You've probably experienced the frustration of waiting for weeks or even months to see a physician, only to find yourself languishing in a waiting room for hours. On average, according to a recent survey of physicians, Americans wait about 24 days to see a new doctor, a 30 percent increase since 2014. And once they get there, would-be patients can expect to cool their heels for an average of about 18 minutes.
It should come as no surprise, then, that the number of Americans signing up for personalized medical services, often known as either concierge or direct primary care (DPC), is surging. These types of practices, where you pay a monthly or annual fee in exchange for direct physician access, have average costs ranging from $77 to $183 a month, according to the American Academy of Family Physicians. Some practices still bill your insurance on top of the monthly fee, while others eschew insurance entirely (and as a result often charge on the high side).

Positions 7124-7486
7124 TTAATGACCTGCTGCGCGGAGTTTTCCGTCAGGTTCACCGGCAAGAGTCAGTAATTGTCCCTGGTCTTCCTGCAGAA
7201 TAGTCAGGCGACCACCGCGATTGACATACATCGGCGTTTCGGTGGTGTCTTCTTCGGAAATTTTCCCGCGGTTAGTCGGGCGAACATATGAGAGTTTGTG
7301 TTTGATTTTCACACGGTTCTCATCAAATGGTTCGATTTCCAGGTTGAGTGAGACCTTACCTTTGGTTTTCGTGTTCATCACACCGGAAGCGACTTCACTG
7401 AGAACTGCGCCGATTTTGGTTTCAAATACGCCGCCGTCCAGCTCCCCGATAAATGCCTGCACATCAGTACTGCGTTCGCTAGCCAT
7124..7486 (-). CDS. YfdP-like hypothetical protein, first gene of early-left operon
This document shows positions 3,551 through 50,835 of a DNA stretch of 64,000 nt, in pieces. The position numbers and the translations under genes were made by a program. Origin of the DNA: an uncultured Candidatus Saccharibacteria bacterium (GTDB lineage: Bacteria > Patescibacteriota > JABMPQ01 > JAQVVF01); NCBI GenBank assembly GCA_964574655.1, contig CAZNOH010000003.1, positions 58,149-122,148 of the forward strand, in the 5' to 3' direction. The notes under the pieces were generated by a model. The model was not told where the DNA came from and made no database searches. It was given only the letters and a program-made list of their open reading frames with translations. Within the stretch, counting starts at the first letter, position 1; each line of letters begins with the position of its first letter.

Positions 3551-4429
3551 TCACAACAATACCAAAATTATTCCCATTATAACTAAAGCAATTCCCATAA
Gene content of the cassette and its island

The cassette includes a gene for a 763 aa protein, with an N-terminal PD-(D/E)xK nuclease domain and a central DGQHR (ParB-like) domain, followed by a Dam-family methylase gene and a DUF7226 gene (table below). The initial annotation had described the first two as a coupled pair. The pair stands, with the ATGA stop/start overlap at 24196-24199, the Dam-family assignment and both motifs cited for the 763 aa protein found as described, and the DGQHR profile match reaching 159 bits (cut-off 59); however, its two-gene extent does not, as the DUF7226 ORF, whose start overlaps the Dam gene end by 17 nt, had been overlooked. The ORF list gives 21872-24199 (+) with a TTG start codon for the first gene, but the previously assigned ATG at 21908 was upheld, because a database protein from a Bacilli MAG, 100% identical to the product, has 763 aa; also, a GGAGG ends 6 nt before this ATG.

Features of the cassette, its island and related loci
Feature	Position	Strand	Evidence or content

Among the perks you'll receive: same-day appointments, longer exam times, home delivery of medications, and round-the-clock telephone and email access to your doctor. Doctors are increasingly signing onto these practices — DPCs grew by over 8 percent each year from 2015 to 2017. In fact, some in the medical field worry that such practices may siphon off the best doctors, leaving patients who can't afford concierge care with lesser care.